Nov 2, 2012

Prince Valiant

During the 1960s, the Rock Island Argus printed mostly depressing 50-year old comic strips with jokes about husbands hating their wives or friends betraying each other, with little bonding (Out Our Way was an exception) and very little beefcake. Alley Oop and Prince Valiant were exceptions -- 50 years old, but muscle-heavy.

Prince Valiant was a color strip that appeared only on weekends.  Like Gasoline Alley, it featured characters aging in real life, but it was unique in having no speech balloons; text appeared at the bottom of each panel, making the strip seem more like an illustrated novel than a comic.

When it first appeared in 1938, Val was a young prince from Thule (modern day Norway) who traveled to Britain to become one of King Arthur's knights. Later he returned to Thule to help his father regain his throne, then traveled across Europe and Asia, fighting Goths and Huns, visiting the Holy Land (long before the Crusades).  By the 1960s, the middle-aged Val had settled in North America.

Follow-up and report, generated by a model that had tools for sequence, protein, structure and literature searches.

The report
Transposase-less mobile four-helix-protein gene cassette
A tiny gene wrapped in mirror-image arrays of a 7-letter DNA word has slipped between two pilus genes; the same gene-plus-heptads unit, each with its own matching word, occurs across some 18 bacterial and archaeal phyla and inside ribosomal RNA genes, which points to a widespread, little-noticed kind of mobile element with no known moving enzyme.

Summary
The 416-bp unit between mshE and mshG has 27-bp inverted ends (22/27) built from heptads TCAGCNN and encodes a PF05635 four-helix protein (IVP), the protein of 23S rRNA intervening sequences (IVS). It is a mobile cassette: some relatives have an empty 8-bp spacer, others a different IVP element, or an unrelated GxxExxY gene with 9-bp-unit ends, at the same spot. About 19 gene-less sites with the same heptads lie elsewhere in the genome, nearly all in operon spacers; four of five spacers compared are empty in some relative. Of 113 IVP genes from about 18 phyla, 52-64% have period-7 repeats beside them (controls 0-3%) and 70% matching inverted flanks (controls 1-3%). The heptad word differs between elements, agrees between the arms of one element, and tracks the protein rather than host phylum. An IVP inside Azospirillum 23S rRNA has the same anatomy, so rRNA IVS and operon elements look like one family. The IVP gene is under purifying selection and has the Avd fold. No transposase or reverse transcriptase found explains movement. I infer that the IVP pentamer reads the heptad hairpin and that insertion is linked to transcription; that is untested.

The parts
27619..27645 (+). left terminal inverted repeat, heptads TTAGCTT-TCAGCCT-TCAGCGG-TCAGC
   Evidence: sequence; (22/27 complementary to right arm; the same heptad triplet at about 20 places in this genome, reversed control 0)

Generally Medieval fantasies (and real epics like The Song of Roland) offer little beefcake; knights wear shining armor, and their northern climate doesn't permit much skinny-dipping.

Sigfried in The Nibelungenlied gets naked, and Sir George in The Magic Sword (1962),  and Lancelot (Nicholas Clay) in Excalibur (1981) take their shirts off, and that's about it.  But in Prince Valiant,  Val was shirtless more often than not.  His muscular physique was drawn in full color and in loving detail.

Unfortunately, through the 1960s, Val retained a 1930s page boy haircut, red lips, rosy cheeks, and long lashes, giving him a rather feminine appearance that didn't lend itself to romantic fantasies.  The name "Val" didn't help much.

And there was little buddy-bonding.  During the 1930s, Val sparred with rival prince Arn of Ord, but they became little more than grudging friends.  In fact, the main plotlines involved the fade out kiss.  First Val and Arn competed for the hand of the fair maid Ilene.  Then she died in a shipwreck, Arn was dropped from the strip, and Val turned his attentions to the fair maid Aleta.

They married, and in 1947 their son Arn was born (the first European baby born in North America).   Eventually they had three more children. When I started reading the strip in the 1960s, Arn was a mischievous teenager, but soon he, too, married.

 Hal Foster, the original cartoonist, also drew Tarzan for many years.   He died in 1982, but the strip is still going strong.